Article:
I’m not saying we aren’t allowed to cheer on a youngster outsmarting adults. That’s great. But it’s also healthy to acknowledge that sometimes, and in the case of poor children, it’s certainly healthy for there be a parent available so that children aren’t constantly being susceptible to the rich and their appetites.

Steve Buscemi Meets His Mummy

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Nice try.

Starring Steve Buscemi, Christian Slater, and a young Julianne Moore in her first film role, Lot 249 takes the traditional mummy myth and adapts it for a tale of a jealous classmate out for revenge. And a revenge tale is exactly what a good mummy story is natural for.

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As I describe in my Joblo video series, this mummy and many traditional tales take the form of “revenge monsters”… a creature that’s sole purpose or place in the story is to enact revenge. In the case of this mummy as well as the classic Golem monster, the creature comes to life because of a person and inhabits their revenge. Frankenstein’s monster is similar as well, but as I point out, Frankenstein could be considered a stand-in for humanity. His revenge is his own, not another’s. His revenge is on God, who put him in a cruel world.

In the case of mummies and golems, they are a stand-in for revenge itself. They embody the hate of a person. And so how the story plays out is a statement about how hate and revenge affects the person who is consumed by it. In Tales from the Darkside The Movie, mummy has a grudge. This mummy is being told who to kill, but how he does it is a sort-of revenge for the way people treated him in his times… brains being pulled out through his nose, his backside being stuffed with flowers. He is creating more mummies. In this way, the idea is that Steve Buscemi’s Bellingham is creating more hate in the world by enacting his hate on others.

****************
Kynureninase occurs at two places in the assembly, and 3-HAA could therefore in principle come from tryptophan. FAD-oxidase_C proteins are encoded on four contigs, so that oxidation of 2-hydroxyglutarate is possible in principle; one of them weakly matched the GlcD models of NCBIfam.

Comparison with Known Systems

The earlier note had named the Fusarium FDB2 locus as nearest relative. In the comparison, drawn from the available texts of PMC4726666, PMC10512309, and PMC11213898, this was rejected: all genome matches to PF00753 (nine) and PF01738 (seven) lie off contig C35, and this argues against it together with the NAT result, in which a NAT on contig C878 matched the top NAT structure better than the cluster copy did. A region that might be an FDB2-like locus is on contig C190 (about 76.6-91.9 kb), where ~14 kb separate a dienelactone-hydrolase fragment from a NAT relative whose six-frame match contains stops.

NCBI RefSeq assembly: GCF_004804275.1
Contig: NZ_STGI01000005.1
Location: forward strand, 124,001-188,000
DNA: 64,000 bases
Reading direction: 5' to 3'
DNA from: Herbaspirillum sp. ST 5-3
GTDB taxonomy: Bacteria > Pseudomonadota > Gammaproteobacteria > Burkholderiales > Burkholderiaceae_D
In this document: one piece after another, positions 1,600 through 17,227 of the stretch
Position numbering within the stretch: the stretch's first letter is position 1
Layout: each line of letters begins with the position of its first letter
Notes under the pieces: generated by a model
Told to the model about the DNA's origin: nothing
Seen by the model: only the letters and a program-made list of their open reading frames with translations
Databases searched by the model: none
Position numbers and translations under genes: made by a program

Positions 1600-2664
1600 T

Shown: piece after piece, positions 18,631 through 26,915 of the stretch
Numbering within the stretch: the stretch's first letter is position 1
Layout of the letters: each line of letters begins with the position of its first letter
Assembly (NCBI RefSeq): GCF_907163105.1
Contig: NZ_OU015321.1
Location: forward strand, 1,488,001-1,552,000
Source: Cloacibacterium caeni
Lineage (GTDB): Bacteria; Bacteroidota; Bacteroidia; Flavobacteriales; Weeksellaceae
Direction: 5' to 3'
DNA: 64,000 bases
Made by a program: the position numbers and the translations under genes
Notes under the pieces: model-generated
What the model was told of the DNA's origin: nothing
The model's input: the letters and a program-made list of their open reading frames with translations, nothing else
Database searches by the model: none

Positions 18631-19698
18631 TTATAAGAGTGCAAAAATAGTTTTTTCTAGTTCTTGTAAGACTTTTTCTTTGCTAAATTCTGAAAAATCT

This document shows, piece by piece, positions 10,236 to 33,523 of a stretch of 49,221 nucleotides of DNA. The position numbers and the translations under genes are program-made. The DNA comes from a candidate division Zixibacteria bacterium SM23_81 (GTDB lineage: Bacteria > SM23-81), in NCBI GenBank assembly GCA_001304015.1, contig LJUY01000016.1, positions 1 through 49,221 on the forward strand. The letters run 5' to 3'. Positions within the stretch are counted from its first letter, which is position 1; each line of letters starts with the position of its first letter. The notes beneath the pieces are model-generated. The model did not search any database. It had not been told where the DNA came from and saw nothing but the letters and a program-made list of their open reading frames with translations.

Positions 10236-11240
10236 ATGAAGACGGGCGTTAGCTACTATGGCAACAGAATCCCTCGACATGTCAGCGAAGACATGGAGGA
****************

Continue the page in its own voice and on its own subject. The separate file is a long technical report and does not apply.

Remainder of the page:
The moment you fulfill your revenge, you have created a monster that must seek revenge as well. It is a never-ending cycle of revenge. One can only imagine that Christan Slater’s Andy becomes a mummy in the end and goes on as well. When we act on our hate, we create a monster that begets more hate – forevermore.

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— FOUNDATIONS OF HORROR

Further explore these subgenres & tropes. more>>
#Animals are Scary | #Cannibal horror | #Revenge is Sweet | #Horror Love Story | #Capital M Monsters | #Egyptians: I Want My Mummy

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That Black Cat

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Oh. Hai Mark.

The Tales from the Darkside The Movie “Cat from Hell” segment originates from a short story by Stephen King. Which makes complete sense. Stephen King has a long history of using animals as a vessel for his horrors.

In this story William Hickey’s Drogan is a rich man. One who can avoid death longer than most, thanks to his own pharmaceutical company and their new remarkable drug. As the people around him begin to die, he sees their deaths as a result of this black cat, which in his telling is directly or indirectly the cause of their deaths. He recalls these to David Johansen’s Halston, who has been brought to Drogan’s mansion to kill the cat once and for all.